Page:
« PreviousContinue »
There shall the pairs of faithful lovers be
I do hear the morning lark.
Trip we after night's shade:
Swifter than the wandering moon.
Tell me how it came this night
[Horns winded within.
Hip. I was with Hercules and Cadmus once,
The. My hounds are bred out of the Spartan kind,
Was never holla'd to, nor cheer'd with horn,
Ege. My lord, this is my daughter here asleep;
Ege. It is, my lord.
The. Go, bid the huntsmen wake them with their horns. [Horn and shouts within. Lysander, Demetrius, Helena, and
Hermia, wake and start up.
Lys. Pardon, my lord,
I pray you all, stand
Lys. My lord, I shall reply amazedly,
150 Was to be gone from Athens, where we might, Without the peril of the Athenian law.
Ege. Enough, enough, my lord; you have enough:
You of your wife and me of my consent,
Dem. My lord, fair Helen told me of their stealth,
160 And I in fury hither follow'd them, Fair Helena in fancy following me. But, my good lord, I wot not by what power,But by some power it is,-my love to Hermia, Melted as the snow, seems to me now As the remembrance of an idle gawd Which in my childhood I did dote upon; And all the faith, the virtue of my heart, The object and the pleasure of mine eye, Is only Helena. To her, my lord,
The. Fair lovers, you are fortunately met:
[Exeunt Theseus, Hippolyta, Egeus, and train. Dem. These things seem small and undistinguishable, Like far-off mountains turned into clouds.
Her. Methinks I see these things with parted eye,
So methinks :
190 Mine own, and not mine own.
Are you sure
Yea; and my father.
Dem. Why, then, we are awake: let's follow him;
Bot. (Awaking.] When my cue comes, call me, and I will answer: my next is, 'Most fair Pyramus.' Heigh-ho! Peter Quince! Flute, the bellows-mender! Snout, the tinker ! Starveling! God's my life, stolen hence, and left me asleep! I have had a most rare vision. I have had a dream, past the wit of man to say what dream it was: man is but an ass, if he go about to expound this dream. Methought I was there is no man can tell what. Methought I was,-and methought I had,—but man is but a patched fool, if he will offer to say what methought I had.' The eye of man hath not heard, the ear of man hath not seen, man's hand is not able to taste, his tongue to conceive, nor his heart to report, what my dream was. I will get Peter Quince to write a ballad of this dream: it shall be called Bottom's Dream, because it hath no bottom; and I will sing it in the latter end of the play, before the duke: peradventure, to make it the more gracious, I shall sing it at her death. [Exit.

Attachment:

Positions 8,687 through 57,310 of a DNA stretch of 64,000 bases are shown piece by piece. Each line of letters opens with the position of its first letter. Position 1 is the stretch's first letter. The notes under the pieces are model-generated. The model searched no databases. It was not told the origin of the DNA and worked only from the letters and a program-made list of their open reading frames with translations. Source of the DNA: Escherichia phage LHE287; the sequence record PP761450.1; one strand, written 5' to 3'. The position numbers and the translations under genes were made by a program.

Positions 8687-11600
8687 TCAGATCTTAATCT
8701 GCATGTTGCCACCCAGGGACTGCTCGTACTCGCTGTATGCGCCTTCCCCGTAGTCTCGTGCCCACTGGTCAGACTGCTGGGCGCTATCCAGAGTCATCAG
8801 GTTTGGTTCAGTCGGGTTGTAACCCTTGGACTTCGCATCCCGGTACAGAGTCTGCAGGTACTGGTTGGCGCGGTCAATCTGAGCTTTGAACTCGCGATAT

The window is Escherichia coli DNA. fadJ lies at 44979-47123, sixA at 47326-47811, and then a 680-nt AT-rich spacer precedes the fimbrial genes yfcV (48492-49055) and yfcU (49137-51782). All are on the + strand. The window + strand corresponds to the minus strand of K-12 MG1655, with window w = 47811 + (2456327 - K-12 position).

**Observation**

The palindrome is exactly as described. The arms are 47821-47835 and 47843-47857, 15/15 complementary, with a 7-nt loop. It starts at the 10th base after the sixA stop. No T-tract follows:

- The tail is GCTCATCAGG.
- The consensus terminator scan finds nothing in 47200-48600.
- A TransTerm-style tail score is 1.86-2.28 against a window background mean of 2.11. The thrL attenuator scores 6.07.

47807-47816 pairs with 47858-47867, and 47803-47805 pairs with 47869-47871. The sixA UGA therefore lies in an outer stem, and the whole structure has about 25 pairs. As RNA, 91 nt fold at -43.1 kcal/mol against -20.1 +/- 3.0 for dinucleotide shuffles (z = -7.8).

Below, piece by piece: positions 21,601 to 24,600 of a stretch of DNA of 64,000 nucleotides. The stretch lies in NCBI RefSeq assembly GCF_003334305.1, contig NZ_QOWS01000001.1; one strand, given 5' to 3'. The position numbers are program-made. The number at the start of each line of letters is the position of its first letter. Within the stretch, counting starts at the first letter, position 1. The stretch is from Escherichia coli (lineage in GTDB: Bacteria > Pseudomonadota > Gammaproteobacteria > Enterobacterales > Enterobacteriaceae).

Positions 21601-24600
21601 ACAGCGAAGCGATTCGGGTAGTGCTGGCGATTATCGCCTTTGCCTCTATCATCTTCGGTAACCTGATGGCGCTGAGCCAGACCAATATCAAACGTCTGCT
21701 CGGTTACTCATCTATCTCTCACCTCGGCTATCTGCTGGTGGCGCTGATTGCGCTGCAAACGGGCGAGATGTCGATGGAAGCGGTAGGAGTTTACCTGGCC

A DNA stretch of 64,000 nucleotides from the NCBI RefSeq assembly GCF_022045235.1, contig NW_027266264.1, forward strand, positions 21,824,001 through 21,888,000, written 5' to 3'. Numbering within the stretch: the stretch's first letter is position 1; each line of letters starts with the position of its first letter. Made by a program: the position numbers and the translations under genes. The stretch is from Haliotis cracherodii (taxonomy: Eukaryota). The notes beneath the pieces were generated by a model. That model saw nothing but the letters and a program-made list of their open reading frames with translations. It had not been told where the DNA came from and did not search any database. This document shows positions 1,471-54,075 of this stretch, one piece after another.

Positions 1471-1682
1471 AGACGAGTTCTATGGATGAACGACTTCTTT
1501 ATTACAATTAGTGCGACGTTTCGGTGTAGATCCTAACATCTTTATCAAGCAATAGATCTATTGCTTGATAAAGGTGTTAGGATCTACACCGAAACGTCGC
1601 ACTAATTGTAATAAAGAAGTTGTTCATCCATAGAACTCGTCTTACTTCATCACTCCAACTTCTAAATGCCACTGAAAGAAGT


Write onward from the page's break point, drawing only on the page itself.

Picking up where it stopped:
SCENE II. Athens. QUINCE's house.
Enter QUINCE, FLUTE, SNOUT, and STARVELING.
Quin. Have you sent to Bottom's house? is he come home yet?
Star. He cannot be heard of. Out of doubt he is transported.
Flu. If he come not, then the play is marred: it goes not forward, doth it?
Quin. It is not possible : you have not a man in all Athens able to discharge Pyramus but he.
Flu. No, he hath simply the best wit of any handicraft man in Athens.
Quin. Yea, and the best person too; and he is a very paramour for a sweet voice.
Flu. You must say "paragon': a paramour is, God bless us, a thing of naught.
Enter SNUG. Snug. Masters, the duke is coming from the temple, and there is two or three lords and ladies more married: if our sport had gone forward, we had all been made men.
Flu. O sweet bully Bottom ! Thus hath he lost sixpence a day during his life; he could not have 'scaped sixpence a day: an the duke had not given him sixpence a day for playing Pyramus, I'll be hanged; he would have deserved it: sixpence a day in Pyramus, or nothing.
Bot. Where are these lads ? where are these hearts ?
Quin. Bottom! O most courageous day! O most happy hour!
Bot. Masters, I am to discourse wonders: but ask me not what; for if I tell you, I am no true Athenian. I will tell you every thing, right as it fell out.
Quin. Let us hear, sweet Bottom.
Bot. Not a word of me. All that I will tell you is, that the duke hath dined. Get your apparel together, good strings to your beards, new ribbons to your pumps; meet presently at the palace; every man look o'er his part; for the short and the long is, our play is preferred. In any case, let Thisby have clean linen; and let not him that plays the lion pare his nails, for they shall hang out for the lion's claws. And, most dear actors, eat no onions nor garlic, for we are to